Faith and Julie have been neighbors and friends for over twenty years. They are both 75 years old and take daily walks together. Julie was recently diagnosed with dementia. Her daughter, Abby, lives a few hours away and is her general guardian, but rarely visits her mother. Abby hired an in-home aide to assist Julie around the house. When Faith tries to visit Julie during the day, the aide tells Faith that Julie is no longer up for visits from her or anyone else. Faith noticed the aide often leaves for hours at a time during the day and locks Julie in the house while she is gone. A mutual friend told Faith she recently saw Julie and the aide at an estate lawyer’s office and Julie mentioned she was changing her will. Faith grows worried about Julie and calls Abby to express her concerns. Abby is overwhelmed with stress in her own life and states that she trusts the aide, but will check in on her mother soon. Faith doesn’t see Abby visit or any changes to the aide or the aide’s behavior.
In my previous posts, available here and here, I described elder abuse generally and how adult protective services (APS) through the county departments of social services and guardianship proceedings before the clerk of superior court can be tools to protect against elder abuse, neglect, and exploitation (hereinafter, referred to as “abuse”). However, just because someone has a guardian, it does not mean the risks of such abuse are eliminated. In fact, guardians, such as Abby, often create circumstances for such abuse by leaving the adult in vulnerable positions and failing to monitor the adult’s care. In addition, guardians may be the source of such abuse by taking advantage of and exploiting the authority they are given. One recent report commissioned by the U.S. Senate Special Committee on Aging examined such abuse by guardians after growing concern of abusive practices by guardians. The study concluded the extent of such abuse is unknown nationally due to limited data but there is some evidence that financial exploitation by a guardian is one of the most common types of elder abuse, which frequently includes the guardian overcharging for services that were either not necessary or never performed or misusing the adult’s money by incurring excessive dining and vehicle expenses. See Elder Abuse Report, pg. 11 and 14.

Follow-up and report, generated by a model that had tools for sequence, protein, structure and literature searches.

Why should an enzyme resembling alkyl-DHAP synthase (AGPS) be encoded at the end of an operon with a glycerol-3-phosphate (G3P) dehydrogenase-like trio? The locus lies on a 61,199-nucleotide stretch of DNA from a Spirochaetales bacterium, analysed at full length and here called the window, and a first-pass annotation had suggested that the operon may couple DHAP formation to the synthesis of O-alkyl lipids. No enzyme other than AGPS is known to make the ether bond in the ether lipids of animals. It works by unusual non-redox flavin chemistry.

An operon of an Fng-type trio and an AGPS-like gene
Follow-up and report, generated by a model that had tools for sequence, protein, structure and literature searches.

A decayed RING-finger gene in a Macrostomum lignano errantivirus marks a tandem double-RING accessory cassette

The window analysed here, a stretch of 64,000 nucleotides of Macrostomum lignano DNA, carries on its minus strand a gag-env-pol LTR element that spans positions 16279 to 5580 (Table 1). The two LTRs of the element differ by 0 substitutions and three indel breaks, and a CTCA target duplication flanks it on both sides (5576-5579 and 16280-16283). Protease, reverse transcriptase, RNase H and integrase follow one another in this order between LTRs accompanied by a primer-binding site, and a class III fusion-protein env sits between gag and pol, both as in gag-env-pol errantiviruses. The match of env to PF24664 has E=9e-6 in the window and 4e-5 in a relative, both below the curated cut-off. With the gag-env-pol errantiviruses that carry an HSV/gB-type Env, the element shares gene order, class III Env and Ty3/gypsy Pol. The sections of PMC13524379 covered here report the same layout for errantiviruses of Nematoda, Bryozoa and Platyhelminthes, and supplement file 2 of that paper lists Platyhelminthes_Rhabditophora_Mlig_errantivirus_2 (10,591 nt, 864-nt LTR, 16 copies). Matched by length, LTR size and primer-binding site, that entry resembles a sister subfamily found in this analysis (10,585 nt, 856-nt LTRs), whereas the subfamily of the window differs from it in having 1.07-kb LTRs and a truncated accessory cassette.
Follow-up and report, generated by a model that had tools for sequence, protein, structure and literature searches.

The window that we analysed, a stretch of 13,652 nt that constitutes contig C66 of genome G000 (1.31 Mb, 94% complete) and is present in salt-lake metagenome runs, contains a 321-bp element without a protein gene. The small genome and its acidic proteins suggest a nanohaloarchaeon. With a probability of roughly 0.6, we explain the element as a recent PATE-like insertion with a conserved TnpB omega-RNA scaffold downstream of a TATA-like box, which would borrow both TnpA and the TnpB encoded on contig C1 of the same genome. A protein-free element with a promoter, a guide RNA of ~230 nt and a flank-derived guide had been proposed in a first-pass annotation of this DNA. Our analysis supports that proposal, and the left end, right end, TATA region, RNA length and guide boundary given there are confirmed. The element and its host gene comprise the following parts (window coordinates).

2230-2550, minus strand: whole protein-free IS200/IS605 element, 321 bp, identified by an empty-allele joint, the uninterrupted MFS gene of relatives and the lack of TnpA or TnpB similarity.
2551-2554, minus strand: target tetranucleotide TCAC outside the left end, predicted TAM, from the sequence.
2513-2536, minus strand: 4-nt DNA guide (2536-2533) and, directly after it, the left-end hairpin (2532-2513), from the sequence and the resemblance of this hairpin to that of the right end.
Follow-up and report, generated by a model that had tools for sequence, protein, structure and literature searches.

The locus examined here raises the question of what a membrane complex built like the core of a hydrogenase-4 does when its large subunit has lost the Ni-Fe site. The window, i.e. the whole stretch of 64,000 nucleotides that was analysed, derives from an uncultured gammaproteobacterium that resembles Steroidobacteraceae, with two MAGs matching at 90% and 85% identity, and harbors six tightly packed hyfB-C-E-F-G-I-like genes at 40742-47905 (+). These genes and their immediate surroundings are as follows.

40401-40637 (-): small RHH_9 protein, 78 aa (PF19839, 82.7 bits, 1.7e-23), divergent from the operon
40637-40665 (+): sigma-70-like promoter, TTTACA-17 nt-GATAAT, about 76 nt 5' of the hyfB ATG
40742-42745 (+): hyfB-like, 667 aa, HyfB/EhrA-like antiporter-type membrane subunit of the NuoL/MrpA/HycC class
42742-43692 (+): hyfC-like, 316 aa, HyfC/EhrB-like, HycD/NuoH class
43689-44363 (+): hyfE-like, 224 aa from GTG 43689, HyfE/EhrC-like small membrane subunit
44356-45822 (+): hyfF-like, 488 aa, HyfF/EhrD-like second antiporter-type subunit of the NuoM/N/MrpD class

The risk of the abuse of an adult under guardianship may be mitigated by (i) court screening of potential guardians through criminal and financial background checks and guardian training or certification requirements, and (ii) court oversight after a guardian is appointed through the filing with the court of status reports, which are reports on the care, comfort, and maintenance of the adult, and accountings, which are reports on the financial affairs of the adult. Even with effective screening and oversight, abuse may still occur when someone has a guardian.
So, what steps may someone, like Faith, who is concerned about abuse of someone under guardianship either by the guardian or a third-party take to protect the adult? Continue Reading
Since the initial publication of this post, the Governor signed H362. This post was amended on July 31, 2017 to reflect that change and reference the session law.
The 2017 Legislative Session created and amended various statutes affecting child welfare. Some of those changes are effective now and others will become effective at later dates. This post highlights those amendments that directly impact practice in abuse, neglect, dependency, or termination of parental rights actions. A more complete summary of the numerous legislative changes can be found on the School of Government website, here. Continue Reading